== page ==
In the 1980s, the Brady and DiMera families were introduced, and their rivalry quickly cemented their places as core families in Salem beside the Hortons. Around the same time, with the help of head writers Sheri Anderson, Thom Racina, and Leah Laiman, action/adventure storylines and supercouples such as Bo and Hope, Shane and Kimberly, and Patch and Kayla reinvigorated the show, previously focused primarily on the domestic troubles of the Hortons.

That's when I started watching.

It’s the summer of 1983, I was home from school but Mom was doing some volunteer work in the afternoons, meaning she would be missing Days of our Lives. So she asked me to watch the show for her, then tell her what happened. Remember there were no VCRs. It seemed simple enough. She’d come home and I’d say, " The guy with the beard has the hots for that girl with the big boobs. Everyone is wondering if this guy I think his name is "Cirano?" is really dead even though he was cremated. Soon it became, "Bo (Peter Reckell) expressed his feelings to Hope (Kristian Alfonso) and Stefano (Joseph Mascolo) faked his death by having some John Doe in the morgue cremated in his place". By the time summer was over and Mom was done with her volunteer work, I was hooked on Days of our Lives.

I never felt insecure in my manhood being a Soap Opera fan because Los Angeles Dodger's manager Tommy Lasorta confessed that he hated away games because it caused him to miss Days of our Lives.

In college I bought my first VCR before I bought my first textbook so I wouldn’t miss the show. While working as a Universal Studios Tour guide I met a coworker who had a recurring part on the show as a nurse. I used the show as an icebreaker. Long story short, I married her. It's a mixed marriage, she's an All My Children fan. Every Wednesday I attend a story telling group in Los Angeles called Story Salon. One of the storytellers there is an actress named Marsha Clark, who also plays the no nonsense judge, Karen Fitzpatrick on DAYS. I started to talk to her about the show's serial killer story line where half the town was murdered by Dr. Marlena Evens (Deidre Hall). She must have thought this guy is nuts, don’t make eye contact.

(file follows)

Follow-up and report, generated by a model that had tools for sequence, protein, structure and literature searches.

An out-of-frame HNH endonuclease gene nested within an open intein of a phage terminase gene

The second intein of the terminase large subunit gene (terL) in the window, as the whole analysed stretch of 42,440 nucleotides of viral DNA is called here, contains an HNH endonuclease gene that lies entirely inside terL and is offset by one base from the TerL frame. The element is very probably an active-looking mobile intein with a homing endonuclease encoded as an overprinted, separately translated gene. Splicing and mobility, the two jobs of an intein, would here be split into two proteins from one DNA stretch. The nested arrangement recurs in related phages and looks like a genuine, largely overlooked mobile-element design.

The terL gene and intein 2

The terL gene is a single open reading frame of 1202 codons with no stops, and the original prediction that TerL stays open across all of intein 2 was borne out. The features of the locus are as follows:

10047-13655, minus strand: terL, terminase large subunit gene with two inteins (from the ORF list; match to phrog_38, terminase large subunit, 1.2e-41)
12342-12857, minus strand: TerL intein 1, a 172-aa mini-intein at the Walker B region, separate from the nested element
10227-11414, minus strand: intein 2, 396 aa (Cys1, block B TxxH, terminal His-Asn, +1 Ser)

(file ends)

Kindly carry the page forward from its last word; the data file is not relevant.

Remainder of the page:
It’s 27 years later, Bo and Hope's marriage is on the rocks, Stefano is alive, well & raising hell and the hourglass has plenty of sand.

To quote Macdonald Carey (Dr. Tom Horton), "Like sands through the hourglass... so are the Days of our Lives".

To quote Ken Corday's new book (The Days of our Lives: The True Story of One Family's Dream and the Untold History of Days of our Lives ), "May the sands run for many years to come."

And to quote Tom and Alice's song ALWAYS,
"Not for just an hour,
Not for just a day,
Not for just a year,
But Always."

Stay Tuned

Tony Figueroa